Investor Relations | IR Events | Performance Briefing

[ 1st Quarter of fiscal 2006 Performance Briefing ]Q&A

Q1. How much did you budget for restructuring expenses in the first quarter? And how much have you budgeted for the second quarter and thereafter? I believe that you estimated restructuring expenses of 4.5 billion yen for all of fiscal 2006. Please explain how things stand at present.
A1. We are still estimating restructuring expenses of 4.5 billion yen for the full year. For the first quarter, we projected 1.6 billion yen. Actual expenses were 0.5 billion yen. We plan to record restructuring expenses of 3.5 billion yen in the second quarter.
Q2. If first-quarter capacitor sales are 100, what are your estimates for the second, third and fourth quarters of fiscal 2006? What improvement do you expect in the profitability of capacitors compared with the fourth quarter of fiscal 2005, when profitability was adversely affected by problems concerning production yields and other factors? Please give us forecasts for the second quarter onwards.
A2. As Mr. Enami reported earlier, first-quarter capacitor sales dropped 14% compared with the first quarter of fiscal 2005. However, orders have been recovering considerably since the beginning of July. This gives us confidence that sales will recover to around 90% of the previous year's level in the second quarter. We believe that capacitor sales will grow by some percentage points year on year beginning in the third quarter. We were concerned, but we have seen both production yields and orders improve. We believe this will translate into an improvement in earnings, too.
Q3. So we should interpret this as meaning that the profitability of capacitors in the first quarter was about the same as in the fourth quarter of the previous fiscal year.
A3. The profitability of capacitors improved slightly compared with the fourth quarter of fiscal 2005.
Q4. Please provide shipment numbers for HDD heads on an HGA basis. At the previous earnings conference, it was stated that actual shipments were 155 in the fourth quarter of fiscal 2005 and that shipments of 145 and 160 were forecast for the first and second quarters of fiscal 2006. This was based on sales of 100 in last fiscal year's first quarter. Please provide actual shipments for the first quarter and current forecasts for the second quarter.
A4. Using sales in last fiscal year's first quarter as 100, actual shipments in the first quarter were 154 and we are projecting 163 in the second quarter. We have not yet reviewed our forecasts for the third and fourth quarters, so our forecasts are unchanged from last time at 174 and 167, respectively.
Q5. I understand that TDK's joint venture with Fujitsu was to be consolidated effective from the current fiscal year. Could you provide figures for the contribution of this joint venture to consolidated results, specifically net sales and operating income?
A5. I'm sorry, but I don't have that information with me.
Q6. My question concerns earnings in the fourth quarter of fiscal 2005 and the first quarter of fiscal 2006. In the fourth quarter of fiscal 2005 there were several special factors. But, eliminating those special factors, how do you compare the 1Q with the 4Q of FY 2005? How did actual earnings change between the two quarters? If there was a change, what was the change in each segment and what factors had a positive and negative impact on earnings?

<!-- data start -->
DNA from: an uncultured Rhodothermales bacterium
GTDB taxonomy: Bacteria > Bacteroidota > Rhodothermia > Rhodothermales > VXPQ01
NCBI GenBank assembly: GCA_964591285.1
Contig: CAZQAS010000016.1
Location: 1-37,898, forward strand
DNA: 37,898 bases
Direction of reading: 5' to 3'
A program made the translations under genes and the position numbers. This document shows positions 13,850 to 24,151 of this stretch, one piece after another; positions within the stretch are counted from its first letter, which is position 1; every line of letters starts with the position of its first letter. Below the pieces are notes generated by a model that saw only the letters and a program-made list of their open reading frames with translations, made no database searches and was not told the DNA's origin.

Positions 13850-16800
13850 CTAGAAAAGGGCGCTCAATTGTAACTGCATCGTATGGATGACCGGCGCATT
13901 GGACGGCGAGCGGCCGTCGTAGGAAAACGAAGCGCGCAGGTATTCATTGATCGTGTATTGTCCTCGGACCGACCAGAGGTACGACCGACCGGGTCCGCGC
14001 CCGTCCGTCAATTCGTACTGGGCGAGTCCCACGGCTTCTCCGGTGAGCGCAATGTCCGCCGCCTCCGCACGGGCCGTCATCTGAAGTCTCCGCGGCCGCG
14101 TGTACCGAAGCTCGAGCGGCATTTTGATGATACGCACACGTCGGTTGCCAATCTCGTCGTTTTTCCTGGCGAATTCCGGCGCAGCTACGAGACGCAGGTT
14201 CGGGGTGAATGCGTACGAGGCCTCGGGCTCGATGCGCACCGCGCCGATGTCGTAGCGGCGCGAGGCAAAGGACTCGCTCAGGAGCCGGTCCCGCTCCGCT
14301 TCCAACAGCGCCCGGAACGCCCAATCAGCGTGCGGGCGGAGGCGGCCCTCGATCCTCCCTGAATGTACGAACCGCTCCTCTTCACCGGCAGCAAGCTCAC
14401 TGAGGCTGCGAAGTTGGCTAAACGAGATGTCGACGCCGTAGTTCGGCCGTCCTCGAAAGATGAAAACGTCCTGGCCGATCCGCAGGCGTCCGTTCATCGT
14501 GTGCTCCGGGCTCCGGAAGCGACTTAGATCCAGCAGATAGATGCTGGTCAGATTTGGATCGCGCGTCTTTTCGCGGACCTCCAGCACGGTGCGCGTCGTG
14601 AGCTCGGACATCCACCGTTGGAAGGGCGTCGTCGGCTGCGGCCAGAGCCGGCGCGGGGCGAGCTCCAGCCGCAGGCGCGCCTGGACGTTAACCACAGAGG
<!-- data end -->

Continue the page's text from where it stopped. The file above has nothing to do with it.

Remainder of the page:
A6. In the fourth quarter of the past fiscal year, we recorded a gain on the return of the substitutional portion of employees' pension fund of \6.2 billion. If this is excluded, fourth-quarter earnings declined. Using this net figure as the basis for comparison, first-quarter earnings improved considerably. There was little change in the recording media segment, but the electronic materials and components segment, which includes HDD heads, saw earnings improve.
Q7. Regarding the recording media segment, how are earnings improving verses your initial plans, if at all? If you are behind plan, what are the reasons? Furthermore, if it appears that you will remain behind plan, please comment on whether you will consider additional measures to improve earnings in this segment.
A7. The recording media segment posted an operating loss of \2.5 billion in the first quarter of fiscal 2006. This was about the same as the losses we have posted in this segment since the second quarter fiscal 2005. While the third-quarter loss was particularly bad, losses generally remained at about the same level. You asked whether we are behind schedule with our efforts to improve earnings. Well, because we have only just begun structural reforms, this loss is largely in line with our plan at the start of the fiscal year. We are therefore progressing in accordance with our plan.
Q8. You have stated that you plan to return the recording media segment to profitability in the fourth quarter of fiscal 2006? Would it be right to assume that you are on course to achieving that?
A8. Yes.
Q9. You've explained that the profit margin in the fourth quarter of fiscal 2005 was relatively low. Is that the case even excluding TSC, the semiconductor design subsidiary you sold?
A9. Yes.
Q10. Please provide information on the profitability of the HDD head business. In the fourth quarter last year, you recorded a gain on the return of the substitutional portion of employees' pension fund. How does profitability compare on a year-on-year basis? Your plan at the start of the fiscal year called for sales to increase considerably on a full-year basis but for earnings to be flat in the head business, meaning that you expect the profit margin to decline. How did the profit margin in the first quarter compare with the previous fiscal year's first quarter?
A10. The profit margin was down slightly on the previous fiscal year. Volumes are increasing but sales prices are falling, bringing down the profit margin a little. Profits in absolute monetary terms are increasing considerably.
Q11. Would it be correct to assume that the sum of first-quarter earnings from HDD heads and capacitors has risen compared with a year ago?
A11. Combined earnings were about the same.
Q12. Head prices were given as a negative factor for earnings. I understand that head prices fell considerably in the second half of fiscal 2005 along with the drop in HDD prices because of inventory cutbacks in the first half of last year. But how did HDD head prices in the first quarter compare with the fourth quarter of fiscal 2005?
A12. The average discount was 5%. The main reasons are the longevity of 80GB/P products and that prices for 40GB/P heads for 2.5-inch drives continue to decline.